In the morning, we caught a bus to Cariari, which was an even smaller town, then another bus to La Pavona, which didn't even seem to be a town, and then a boat to the town of Tortuguero. Other than a few bikes on dirt paths in this little village, this area has no land transportation -- people get around on a network of canals, rivers, and lagoons -- and many of these waterways go through land that is protected as part of Tortuguero National Park. And that is why we came. We spent a total of about 16 hours in canoes (4 with a guide) and saw many spider and howler monkeys, a sloth, a coati, beautiful butterflies, a bazillion humminbirds, and lots and lots of other birds.
Since we've got so many pictures, we're consolidating them into slideshows. Here's one with highlights from the canals of Tortuguero National Park:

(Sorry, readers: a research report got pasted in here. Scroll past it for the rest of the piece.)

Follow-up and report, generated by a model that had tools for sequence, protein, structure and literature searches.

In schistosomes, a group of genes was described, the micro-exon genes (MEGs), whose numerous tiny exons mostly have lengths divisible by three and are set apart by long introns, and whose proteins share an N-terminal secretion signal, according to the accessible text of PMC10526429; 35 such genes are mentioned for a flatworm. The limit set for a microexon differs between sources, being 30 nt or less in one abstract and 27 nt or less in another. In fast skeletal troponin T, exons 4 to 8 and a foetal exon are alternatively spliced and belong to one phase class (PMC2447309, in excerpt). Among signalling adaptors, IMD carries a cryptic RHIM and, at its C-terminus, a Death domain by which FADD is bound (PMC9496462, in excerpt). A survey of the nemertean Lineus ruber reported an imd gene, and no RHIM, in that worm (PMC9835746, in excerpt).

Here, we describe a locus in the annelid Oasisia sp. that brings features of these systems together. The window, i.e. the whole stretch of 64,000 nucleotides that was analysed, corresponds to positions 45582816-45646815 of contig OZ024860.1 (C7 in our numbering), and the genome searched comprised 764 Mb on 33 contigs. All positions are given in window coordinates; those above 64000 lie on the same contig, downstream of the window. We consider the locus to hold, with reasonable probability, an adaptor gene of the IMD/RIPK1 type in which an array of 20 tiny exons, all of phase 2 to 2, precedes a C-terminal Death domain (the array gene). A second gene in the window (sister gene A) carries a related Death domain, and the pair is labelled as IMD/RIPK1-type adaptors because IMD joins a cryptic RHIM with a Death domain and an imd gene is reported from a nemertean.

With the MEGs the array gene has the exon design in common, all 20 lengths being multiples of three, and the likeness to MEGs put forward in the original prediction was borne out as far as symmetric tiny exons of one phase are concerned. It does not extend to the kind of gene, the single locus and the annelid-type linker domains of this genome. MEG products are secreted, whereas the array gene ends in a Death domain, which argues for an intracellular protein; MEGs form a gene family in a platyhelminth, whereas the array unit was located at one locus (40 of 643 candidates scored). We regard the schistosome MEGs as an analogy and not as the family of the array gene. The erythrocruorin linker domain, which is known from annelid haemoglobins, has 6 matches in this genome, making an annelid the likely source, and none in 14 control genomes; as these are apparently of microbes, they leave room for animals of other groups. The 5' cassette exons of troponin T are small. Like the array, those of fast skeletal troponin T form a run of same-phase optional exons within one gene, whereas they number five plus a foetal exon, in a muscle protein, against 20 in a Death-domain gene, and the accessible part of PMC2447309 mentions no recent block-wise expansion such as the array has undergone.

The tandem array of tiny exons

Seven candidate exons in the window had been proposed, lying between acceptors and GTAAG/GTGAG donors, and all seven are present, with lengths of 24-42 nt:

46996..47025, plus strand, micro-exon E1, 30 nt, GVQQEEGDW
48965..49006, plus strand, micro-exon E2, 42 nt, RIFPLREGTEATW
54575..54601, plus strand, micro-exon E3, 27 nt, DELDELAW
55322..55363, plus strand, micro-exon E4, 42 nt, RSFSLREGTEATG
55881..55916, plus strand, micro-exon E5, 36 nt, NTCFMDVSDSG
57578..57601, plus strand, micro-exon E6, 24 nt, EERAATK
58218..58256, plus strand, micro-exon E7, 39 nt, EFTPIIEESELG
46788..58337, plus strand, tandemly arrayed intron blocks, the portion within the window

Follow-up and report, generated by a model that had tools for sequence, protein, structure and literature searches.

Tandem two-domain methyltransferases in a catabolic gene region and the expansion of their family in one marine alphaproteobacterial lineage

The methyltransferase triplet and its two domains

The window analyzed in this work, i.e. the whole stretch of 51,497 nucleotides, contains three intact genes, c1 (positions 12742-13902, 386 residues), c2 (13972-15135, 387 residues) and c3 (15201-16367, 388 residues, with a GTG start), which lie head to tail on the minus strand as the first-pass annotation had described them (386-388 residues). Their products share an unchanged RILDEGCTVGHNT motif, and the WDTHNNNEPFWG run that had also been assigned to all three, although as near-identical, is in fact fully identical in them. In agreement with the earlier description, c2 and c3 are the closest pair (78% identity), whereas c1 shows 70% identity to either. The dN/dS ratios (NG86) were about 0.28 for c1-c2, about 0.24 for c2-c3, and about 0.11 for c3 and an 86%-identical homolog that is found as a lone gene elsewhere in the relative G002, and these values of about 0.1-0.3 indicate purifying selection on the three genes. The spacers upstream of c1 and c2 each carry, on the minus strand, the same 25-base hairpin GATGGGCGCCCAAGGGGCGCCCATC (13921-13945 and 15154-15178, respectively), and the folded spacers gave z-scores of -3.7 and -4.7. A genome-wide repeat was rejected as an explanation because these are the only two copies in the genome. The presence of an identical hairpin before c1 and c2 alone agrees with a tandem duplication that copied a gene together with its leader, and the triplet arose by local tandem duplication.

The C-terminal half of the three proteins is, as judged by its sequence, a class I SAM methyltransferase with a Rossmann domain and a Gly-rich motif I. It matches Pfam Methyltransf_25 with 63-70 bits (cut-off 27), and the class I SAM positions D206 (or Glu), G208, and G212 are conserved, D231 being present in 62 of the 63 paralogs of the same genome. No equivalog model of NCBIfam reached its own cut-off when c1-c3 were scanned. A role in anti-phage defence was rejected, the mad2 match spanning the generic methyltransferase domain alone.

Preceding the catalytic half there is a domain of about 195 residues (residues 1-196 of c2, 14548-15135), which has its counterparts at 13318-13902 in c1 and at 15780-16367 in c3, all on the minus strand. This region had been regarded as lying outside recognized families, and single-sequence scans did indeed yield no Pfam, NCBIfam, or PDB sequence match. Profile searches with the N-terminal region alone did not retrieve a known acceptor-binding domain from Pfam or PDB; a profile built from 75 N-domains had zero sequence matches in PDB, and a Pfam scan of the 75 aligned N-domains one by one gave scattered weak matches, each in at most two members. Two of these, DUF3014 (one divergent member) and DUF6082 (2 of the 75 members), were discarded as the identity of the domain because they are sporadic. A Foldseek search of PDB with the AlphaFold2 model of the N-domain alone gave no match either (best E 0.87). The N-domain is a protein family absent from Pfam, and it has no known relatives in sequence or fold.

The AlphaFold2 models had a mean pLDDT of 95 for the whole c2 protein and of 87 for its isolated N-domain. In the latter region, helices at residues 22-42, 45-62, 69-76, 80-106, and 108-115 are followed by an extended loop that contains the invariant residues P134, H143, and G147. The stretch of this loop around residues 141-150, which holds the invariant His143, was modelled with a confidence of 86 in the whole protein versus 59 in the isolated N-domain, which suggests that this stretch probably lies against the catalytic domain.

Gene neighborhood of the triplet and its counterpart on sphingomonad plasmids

When we weren't in a canoe, we were out on the beach. It's not a great swimming beach (apparently it's so much of a shark hot spot that no one goes out more than a couple feet into the water). But 22 miles of beach are protected as part of Tortugero National Park, because leatherback, loggerhead, hawksbill, and green sea turtles (in Spanish, tortugas) all nest on the beach. We were there in the off-season, when not a lot of turtles were expected. And yet, one morning when we were walking along the beach, we found a baby turtle, trapped in a big pile of driftwood. We gave her a lift over to the water's edge. The other thrill of our beach walks was following a set of large cat tracks for a couple of miles along the beach -- possibly jaguar.
Several people have asked us to keep track of where we stayed. Our home in Tortuguero was Miss Miriam's 2 ($20/night in the off-season). The bed was ok (not great), and the hot water didn't work, but there was a shared balcony from which you could see the ocean, free laundry and internet, and lots of hummingbird-attracting plants in a little courtyard.